Published on July 16, 2013.
Hello, my name is Dan and I am an Apple hater.
Most people that know me know that I can’t stand Apple. I don’t like Apple’s culture, the price tags on their products, or their design principles. I think the iPod is dead, the iPhone is still a product of 2007, and the iPad needs a few more hours in the proverbial oven. I could rant for hours about how Apple doesn’t understand the Internet, or how they’ve “screwed up this” or “forgotten about that.” I am not unfounded in my dislike for Apple, either; I am not just a techno-hipster that’s “too cool for school,” if people still say that. From my perspective, it seems apparent that Apple is on course to make some extremely serious mistakes in the next 10–15 years and that if they do so they will be the Blackberry or the Palm of 2030.
But that’s not why I’m writing this.
I’m writing this because I’ve been working as an intern at Facebook for the past few weeks, writing code for upwards of nine hours a day on a 15-inch MacBook Pro with Retina Display. I’ve had extensive, continuous exposure to OS X, not that I was given any choice in the matter. I’ve been developing for iOS, and this can only be done on a Mac. (Thanks, Apple.) I’ve been using OS X on school iMacs and friends’ MacBooks for ages, but something was different this time, and I couldn’t pin down what.
When people ask me why I dislike OS X so much, I always found it easiest to point to it’s collection of bundled software. The only worthwhile app included on a Mac is Terminal; the rest are utter garbage. Safari, iTunes, iPhoto, the App Store, Mail, Calendar, Contacts etc. can all be scrapped, in my opinion. Naturally, when I started using my work laptop, I installed Chrome, Sublime, Mou, and so on. After all that customization was done, I slowly found myself growing more accustomed to the experience. I found myself growing more… fond of the experience.
Hello, my name is Dan and my next laptop is a Mac.
On the technical end, switching to a Mac is tempting. Programming on a *nix-based machine is a must. It will be great to be able to copy bash commands directly into Terminal instead of translating them into MS-DOS first. Moreover, unless I decide to work at Microsoft my career as a software engineer will be spent on a Mac. I’ve toyed with switching to Linux, but that really just replaces one set of problems with another. Linux is great for programming and a bummer from a UI/UX perspective. Software support is lacking for Linux as well, which is all the more reason to avoid it. It’s true, you can do anything with Linux that you can with OS X, it’s just a matter of how hard you have to work to get it done and how you feel about looking at some variation of Terminal all day.
Also, OS X has a much more active developer community for non-gaming, non-enterprise software. I can disable Dashboard, Launchpad, and the dock, and replace them with Alfred, MagicPrefs, and Cinch. Under all the iClutter, there’s a quite usable operating system — and that’s what is so surprising. I’ve always faulted Macs for their software, but now it seems my criticisms have grown increasingly invalid. As a side note, I really enjoy using Spaces, and while I did have some multi-monitor issues on Mountain Lion, apparently Mavericks fixes them.
The hardware on MacBooks is undeniably excellent. The retina display is gorgeous, the trackpad is amazing, they have all the necessary ports (minus Ethernet, alas), and they run on top-of-the-line components. My problem with Mac hardware is actually more in finding a balance for features and portability. The screen size and resolution on the 13" laptops are both too small across the board (even for the 13" MacBook Pro with Retina Display, which has an effective resolution of 1280 x 800). The 15" MacBook Pro with Retina Display, while powerful, is noticeably heavier than my Lenovo Thinkpad X1 Carbon. Running a 13" MacBook Pro with Retina Display at 1650 x 1050 is a decent option, but reviews have indicated that the 13" model is underpowered, and I prefer full HD anyway.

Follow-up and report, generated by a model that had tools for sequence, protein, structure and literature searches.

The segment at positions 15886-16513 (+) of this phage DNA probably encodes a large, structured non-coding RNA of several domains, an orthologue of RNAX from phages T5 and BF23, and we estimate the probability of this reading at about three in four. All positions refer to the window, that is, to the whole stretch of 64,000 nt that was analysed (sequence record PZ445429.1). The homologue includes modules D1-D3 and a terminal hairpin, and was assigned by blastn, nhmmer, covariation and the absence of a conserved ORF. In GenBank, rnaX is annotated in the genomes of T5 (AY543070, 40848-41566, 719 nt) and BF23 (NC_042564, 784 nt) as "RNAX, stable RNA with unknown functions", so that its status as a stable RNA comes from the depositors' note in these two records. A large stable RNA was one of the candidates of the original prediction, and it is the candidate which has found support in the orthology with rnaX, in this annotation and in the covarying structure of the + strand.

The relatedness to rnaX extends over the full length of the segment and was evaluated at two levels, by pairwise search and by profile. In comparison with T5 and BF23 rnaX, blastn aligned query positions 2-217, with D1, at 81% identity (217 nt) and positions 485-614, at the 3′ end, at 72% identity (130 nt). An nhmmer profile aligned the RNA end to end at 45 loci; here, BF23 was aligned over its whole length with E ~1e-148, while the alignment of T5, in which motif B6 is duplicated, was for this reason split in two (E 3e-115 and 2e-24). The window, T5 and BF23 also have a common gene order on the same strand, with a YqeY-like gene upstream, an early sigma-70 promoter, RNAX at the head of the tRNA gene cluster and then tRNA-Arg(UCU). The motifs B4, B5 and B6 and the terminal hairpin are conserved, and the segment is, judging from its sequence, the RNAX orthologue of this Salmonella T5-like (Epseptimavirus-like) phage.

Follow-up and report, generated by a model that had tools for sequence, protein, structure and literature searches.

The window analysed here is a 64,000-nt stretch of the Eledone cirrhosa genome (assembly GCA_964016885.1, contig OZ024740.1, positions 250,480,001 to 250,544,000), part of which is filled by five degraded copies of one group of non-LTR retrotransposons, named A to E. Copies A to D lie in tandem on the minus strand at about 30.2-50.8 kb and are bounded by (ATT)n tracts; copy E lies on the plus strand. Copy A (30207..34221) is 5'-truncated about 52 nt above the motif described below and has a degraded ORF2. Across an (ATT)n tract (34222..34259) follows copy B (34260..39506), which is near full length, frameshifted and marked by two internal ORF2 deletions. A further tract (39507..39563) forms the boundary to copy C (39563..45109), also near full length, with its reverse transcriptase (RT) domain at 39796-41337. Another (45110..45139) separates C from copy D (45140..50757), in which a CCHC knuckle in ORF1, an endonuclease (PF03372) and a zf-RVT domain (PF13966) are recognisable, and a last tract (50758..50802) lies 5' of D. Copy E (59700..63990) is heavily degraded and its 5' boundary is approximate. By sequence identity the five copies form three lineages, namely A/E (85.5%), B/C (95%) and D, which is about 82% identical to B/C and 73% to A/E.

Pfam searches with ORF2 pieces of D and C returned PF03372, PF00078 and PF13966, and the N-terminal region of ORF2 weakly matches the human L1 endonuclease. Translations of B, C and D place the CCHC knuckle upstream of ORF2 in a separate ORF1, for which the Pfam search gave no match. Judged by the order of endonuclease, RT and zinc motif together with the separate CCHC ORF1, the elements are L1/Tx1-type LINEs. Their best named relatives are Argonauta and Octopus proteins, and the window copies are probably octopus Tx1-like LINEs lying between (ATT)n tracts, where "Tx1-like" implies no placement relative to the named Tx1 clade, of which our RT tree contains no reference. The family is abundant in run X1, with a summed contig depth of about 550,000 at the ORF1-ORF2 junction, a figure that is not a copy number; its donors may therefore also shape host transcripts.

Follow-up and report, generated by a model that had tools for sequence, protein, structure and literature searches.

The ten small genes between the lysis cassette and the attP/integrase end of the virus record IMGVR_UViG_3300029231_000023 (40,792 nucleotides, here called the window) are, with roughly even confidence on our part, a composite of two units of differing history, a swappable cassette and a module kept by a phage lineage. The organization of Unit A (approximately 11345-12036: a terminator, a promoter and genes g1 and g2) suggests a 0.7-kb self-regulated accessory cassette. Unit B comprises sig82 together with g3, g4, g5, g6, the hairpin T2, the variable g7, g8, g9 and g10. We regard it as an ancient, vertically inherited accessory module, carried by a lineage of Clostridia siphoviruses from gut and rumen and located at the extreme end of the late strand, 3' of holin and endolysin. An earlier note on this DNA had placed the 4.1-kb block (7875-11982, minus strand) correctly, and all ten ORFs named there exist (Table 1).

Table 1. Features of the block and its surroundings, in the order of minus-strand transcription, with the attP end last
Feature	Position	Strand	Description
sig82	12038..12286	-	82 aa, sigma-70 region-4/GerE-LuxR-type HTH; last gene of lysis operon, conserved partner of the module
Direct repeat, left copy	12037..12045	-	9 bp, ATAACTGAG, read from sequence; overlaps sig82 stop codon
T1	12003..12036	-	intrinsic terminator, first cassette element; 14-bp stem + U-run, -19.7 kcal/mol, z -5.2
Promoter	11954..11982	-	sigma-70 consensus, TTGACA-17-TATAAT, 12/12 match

Obviously, if I am looking for a way to drop $2500 on a computer the choice is clear, but it’s hard to stomach spending all that money if I’m not going to be using 90% of the included software. This is especially true looking forward; it’s hard to ask me to spend a lot of money on a traditional laptop when there are some really enticing touch-enabled ultrabooks out there.
Confusions / Conclusions
There are so many problems with getting a Mac, and arguably just as many sitting with Windows. Windows 8 is built on a strong core, but can be aggravating. I don’t exactly have problems with Windows 8, it’s just not satisfying to usefor a nerd like me. Behind the flashy Start Screen trash Windows 8 is a clean, fast operating system. The same goes for OS X. It’s hard to justify buying a Mac just to put other software on it, but I realized that OS X now has both the ecosystem and hardware advantage over Windows, a recent shift to be sure. A MacBook will never run PC games, which is why I have (and always will have) a Windows desktop. The truth is that by continuing to use a Windows laptop, I’m only delaying the inevitable. For programming, for design work, for running a website, and for general compatibility, OS X is where I’m headed.
It pains me to think about carrying around a MacBook as my personal laptop. It’s so much easier to complain about Apple as a company when I don’t own any of their products, but I’m trapped. I am going to have to learn to balance my moral opposition for Apple with the practicalities of life. It may sound like I’m taking myself too seriously but it’s true. I’m going be on OS X sooner or later, so there’s no reason not to switch now. Especially with a new batch of Haswell-equipped MacBook Pros launching sometime this year, the hardware is increasingly enticing. The question isn’t if I’m going to buy a Mac, it’s whether or not I’ll be able to live with myself when I do.